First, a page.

Does the drug dapagliflozin benefit hospitalized patients with COVID-19?
In a recent randomized clinical trial of hospitalized patients with COVID-19 and cardio-metabolic risk factors, the sodium-glucose cotransporter 2 (SGLT2) inhibitor dapagliflozin did not significantly reduce patients' risk of organ failure, kidney problems, or death compared with placebo, although numerically fewer participants treated with dapagliflozin experienced these outcomes. The findings are published in CJASN.
SGLT2 inhibitors have numerous kidney- and heart-protective effects. Because COVID-19 affects multiple organ systems, Hiddo Lambers Heerspink, Ph.D., PharmD (University of Groningen, the Netherlands) and his colleagues conducted a secondary analysis from the Dapagliflozin in Respiratory Failure in Patients With COVID-19 (DARE-19) trial to assess the efficacy and safety of the SGLT2 inhibitor dapagliflozin in 1,250 patients with cardio-metabolic risk factors acutely hospitalized with COVID-19.
Dapagliflozin was well tolerated regardless of patients' kidney function, but compared with placebo, it did not result in a significant risk reduction in the primary outcomes of organ dysfunction or death, or improvement in recovery. Dapagliflozin also did not result in a significant risk reduction in the secondary composite kidney outcome of composite of acute kidney injury, kidney replacement therapy, or death.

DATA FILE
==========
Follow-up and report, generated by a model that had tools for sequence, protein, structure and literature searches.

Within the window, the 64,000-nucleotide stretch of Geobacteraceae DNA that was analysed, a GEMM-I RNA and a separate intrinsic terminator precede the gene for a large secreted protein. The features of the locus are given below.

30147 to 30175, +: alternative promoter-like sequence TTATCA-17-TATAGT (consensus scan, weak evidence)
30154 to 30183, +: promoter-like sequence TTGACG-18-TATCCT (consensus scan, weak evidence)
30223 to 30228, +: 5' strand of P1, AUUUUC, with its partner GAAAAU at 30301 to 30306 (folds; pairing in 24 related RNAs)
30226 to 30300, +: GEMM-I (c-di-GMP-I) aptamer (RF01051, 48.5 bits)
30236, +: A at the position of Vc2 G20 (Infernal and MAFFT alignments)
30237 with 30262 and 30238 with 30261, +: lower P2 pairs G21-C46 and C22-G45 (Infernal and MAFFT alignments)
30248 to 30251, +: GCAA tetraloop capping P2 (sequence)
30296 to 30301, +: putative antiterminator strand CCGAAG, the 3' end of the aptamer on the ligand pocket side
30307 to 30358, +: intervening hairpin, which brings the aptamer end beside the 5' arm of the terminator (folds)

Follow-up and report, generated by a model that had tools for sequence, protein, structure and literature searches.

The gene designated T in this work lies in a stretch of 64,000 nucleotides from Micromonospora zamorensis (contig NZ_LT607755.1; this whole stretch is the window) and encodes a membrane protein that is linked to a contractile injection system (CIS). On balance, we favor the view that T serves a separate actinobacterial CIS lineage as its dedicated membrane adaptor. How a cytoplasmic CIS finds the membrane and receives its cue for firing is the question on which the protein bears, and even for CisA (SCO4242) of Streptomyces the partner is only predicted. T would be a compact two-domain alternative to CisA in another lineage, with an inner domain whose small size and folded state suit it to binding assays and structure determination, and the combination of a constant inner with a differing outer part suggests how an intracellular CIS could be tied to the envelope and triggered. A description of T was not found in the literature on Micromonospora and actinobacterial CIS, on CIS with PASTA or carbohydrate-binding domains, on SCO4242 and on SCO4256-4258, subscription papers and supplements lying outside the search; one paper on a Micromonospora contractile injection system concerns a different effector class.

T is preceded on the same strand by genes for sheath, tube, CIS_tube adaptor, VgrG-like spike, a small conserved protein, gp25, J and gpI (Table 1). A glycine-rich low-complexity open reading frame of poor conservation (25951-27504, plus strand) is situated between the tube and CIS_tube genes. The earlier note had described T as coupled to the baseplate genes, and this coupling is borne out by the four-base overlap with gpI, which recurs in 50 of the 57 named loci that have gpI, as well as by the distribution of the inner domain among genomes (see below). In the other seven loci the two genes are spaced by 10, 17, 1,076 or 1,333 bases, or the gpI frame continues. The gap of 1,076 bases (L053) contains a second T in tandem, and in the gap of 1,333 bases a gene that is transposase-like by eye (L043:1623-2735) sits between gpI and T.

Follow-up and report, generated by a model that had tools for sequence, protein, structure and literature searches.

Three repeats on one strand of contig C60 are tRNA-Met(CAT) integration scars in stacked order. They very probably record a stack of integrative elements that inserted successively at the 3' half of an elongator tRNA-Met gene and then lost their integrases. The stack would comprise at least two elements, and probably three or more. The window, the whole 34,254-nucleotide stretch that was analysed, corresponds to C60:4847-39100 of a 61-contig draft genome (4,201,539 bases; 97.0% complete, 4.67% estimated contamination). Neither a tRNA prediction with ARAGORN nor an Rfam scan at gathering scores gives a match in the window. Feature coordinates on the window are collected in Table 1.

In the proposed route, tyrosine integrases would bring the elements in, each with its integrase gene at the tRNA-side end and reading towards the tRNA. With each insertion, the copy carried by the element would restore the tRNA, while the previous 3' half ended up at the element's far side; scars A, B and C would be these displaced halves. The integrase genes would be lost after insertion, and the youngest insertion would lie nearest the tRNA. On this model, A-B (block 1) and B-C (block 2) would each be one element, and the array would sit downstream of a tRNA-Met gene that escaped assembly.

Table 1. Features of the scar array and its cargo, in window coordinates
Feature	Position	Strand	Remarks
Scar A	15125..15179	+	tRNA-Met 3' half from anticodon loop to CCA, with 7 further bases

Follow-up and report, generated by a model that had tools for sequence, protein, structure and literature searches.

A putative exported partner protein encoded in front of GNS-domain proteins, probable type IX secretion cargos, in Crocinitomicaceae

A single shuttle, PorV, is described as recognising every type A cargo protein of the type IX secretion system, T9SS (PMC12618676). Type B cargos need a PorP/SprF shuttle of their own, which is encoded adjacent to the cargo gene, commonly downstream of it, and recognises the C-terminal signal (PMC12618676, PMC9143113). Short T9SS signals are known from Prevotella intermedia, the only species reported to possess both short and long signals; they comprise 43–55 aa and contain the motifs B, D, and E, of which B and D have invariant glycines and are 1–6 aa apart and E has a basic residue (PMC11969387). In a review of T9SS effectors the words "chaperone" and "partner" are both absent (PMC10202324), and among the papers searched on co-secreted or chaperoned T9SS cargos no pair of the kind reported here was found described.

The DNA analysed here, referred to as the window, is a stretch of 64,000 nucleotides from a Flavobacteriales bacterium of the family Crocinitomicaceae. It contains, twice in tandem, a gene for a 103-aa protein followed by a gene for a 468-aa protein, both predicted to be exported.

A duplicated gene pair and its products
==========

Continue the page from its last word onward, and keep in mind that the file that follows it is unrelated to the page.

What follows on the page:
"These new data from DARE-19 reinforce the safety of dapagliflozin in acutely ill patients hospitalized with COVID-19 even in those with reduced kidney function who are at particularly high risk of acute kidney injury," said Dr. Heerspink.
An accompanying editorial notes that DARE-19 was a neutral trial for all of the outcomes it assessed, both individually and collectively. "Nevertheless, DARE-19 was a positive trial from the perspective of the safety of using an SGLT2 inhibitor while experiencing acute illness in patients with either preserved or reduced kidney function," the authors wrote.